White Wash: The History and Present of Segregation, Swimming, and Surfing

Winter’s slowly creeping in and it’s the last thing I look forward to.  I know it’s not humanly possible but I’m cold-blooded.  I’m not not sure why but with any slight temperature drop in weather, it seems my body temp does the same.  In simple consequence, winter makes me want nothing more than to be at the beach…tropic temps only.  Sometimes, that’s geographically impossible so I usually reminisce about past adventures I’ve had in the ocean or seaside.

This year alone I’ve joyfully had my fair share of snorkeling, bogey boarding, boating, kayaking, and swimming.  While it was nice to look back on these memories, I had to fulfill my craving for the ocean in another form.  I started watching surfing videos, movies, following surfers on Instagram etc. etc.  Though I’ve never rode a wave on a surfboard, it’s next on my adventure list.

Recently, I came across a documentary called White Wash about the history of surfing and black surfers.  In particular, the film highlights the origins of surfing in Hawaii by aboriginals, surfing’s disappearance enforced by English missionaries in Hawaii,  the sport’s reemergence in white American society, and the present blossoming community of black surfers in the U.S.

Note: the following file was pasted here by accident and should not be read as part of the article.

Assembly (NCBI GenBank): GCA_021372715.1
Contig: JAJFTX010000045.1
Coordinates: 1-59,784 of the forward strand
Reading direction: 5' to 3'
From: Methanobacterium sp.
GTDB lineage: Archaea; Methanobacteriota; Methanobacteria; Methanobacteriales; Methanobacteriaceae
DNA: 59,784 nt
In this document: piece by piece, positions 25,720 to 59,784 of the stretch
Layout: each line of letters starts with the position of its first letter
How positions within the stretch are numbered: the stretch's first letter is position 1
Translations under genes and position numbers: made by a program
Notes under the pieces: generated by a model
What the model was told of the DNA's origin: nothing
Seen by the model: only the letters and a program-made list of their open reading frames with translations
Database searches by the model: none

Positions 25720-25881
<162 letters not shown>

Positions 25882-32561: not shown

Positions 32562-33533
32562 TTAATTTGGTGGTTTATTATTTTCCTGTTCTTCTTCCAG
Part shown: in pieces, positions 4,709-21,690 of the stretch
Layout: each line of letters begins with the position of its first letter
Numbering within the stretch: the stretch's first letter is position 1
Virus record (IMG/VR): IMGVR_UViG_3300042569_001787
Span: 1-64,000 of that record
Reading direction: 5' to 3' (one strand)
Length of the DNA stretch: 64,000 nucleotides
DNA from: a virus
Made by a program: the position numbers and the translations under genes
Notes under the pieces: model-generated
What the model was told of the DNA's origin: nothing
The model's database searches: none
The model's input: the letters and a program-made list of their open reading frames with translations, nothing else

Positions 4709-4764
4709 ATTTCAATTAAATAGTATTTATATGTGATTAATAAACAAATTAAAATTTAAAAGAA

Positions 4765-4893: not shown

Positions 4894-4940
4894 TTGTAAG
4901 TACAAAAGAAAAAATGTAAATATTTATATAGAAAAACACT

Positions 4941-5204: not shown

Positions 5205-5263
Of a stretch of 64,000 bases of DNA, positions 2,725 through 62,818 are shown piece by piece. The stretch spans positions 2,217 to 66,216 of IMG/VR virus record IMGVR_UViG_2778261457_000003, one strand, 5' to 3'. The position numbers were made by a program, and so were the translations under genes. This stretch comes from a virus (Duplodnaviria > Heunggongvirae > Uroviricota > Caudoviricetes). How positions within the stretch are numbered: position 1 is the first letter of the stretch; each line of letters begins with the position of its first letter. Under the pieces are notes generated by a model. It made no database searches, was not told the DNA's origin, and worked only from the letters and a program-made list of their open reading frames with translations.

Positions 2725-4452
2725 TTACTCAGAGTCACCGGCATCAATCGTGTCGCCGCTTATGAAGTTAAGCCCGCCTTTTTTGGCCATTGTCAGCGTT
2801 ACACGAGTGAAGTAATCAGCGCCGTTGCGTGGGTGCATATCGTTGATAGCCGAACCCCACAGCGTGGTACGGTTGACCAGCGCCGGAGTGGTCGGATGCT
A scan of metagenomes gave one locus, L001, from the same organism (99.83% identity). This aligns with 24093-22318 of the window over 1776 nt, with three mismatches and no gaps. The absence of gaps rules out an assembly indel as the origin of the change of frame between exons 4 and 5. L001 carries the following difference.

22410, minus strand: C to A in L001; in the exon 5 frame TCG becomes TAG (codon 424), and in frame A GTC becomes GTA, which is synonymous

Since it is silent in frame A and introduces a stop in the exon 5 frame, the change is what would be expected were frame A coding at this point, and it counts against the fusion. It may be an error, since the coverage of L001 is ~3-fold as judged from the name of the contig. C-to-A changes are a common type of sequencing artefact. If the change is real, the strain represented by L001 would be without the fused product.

Virgil Films & Entertainment

White Wash is enlightening because it presents the full spectrum of surfing.  The fascinating sport is oftentimes associated with one group or subculture but this documentary broadens the view of surfing culture and the array of people and nations that formed, participate in, and continue to transform surfing.

Stepping into any arena of life that is dominated by a culture, race, class, or creed dissimilar or contrary to your own has its challenges and setbacks.  Yet I feel that if you have anything from a lingering curiosity to a strong desire to try something or begin an adventure, it’s yours for the taking.  I’ve had surfing on my mind and I’m looking forward to trying it soon.  White Wash provided an excellent platform for my new interest.  The film is currently available on Netflix and Hulu.  Check out the official website here.

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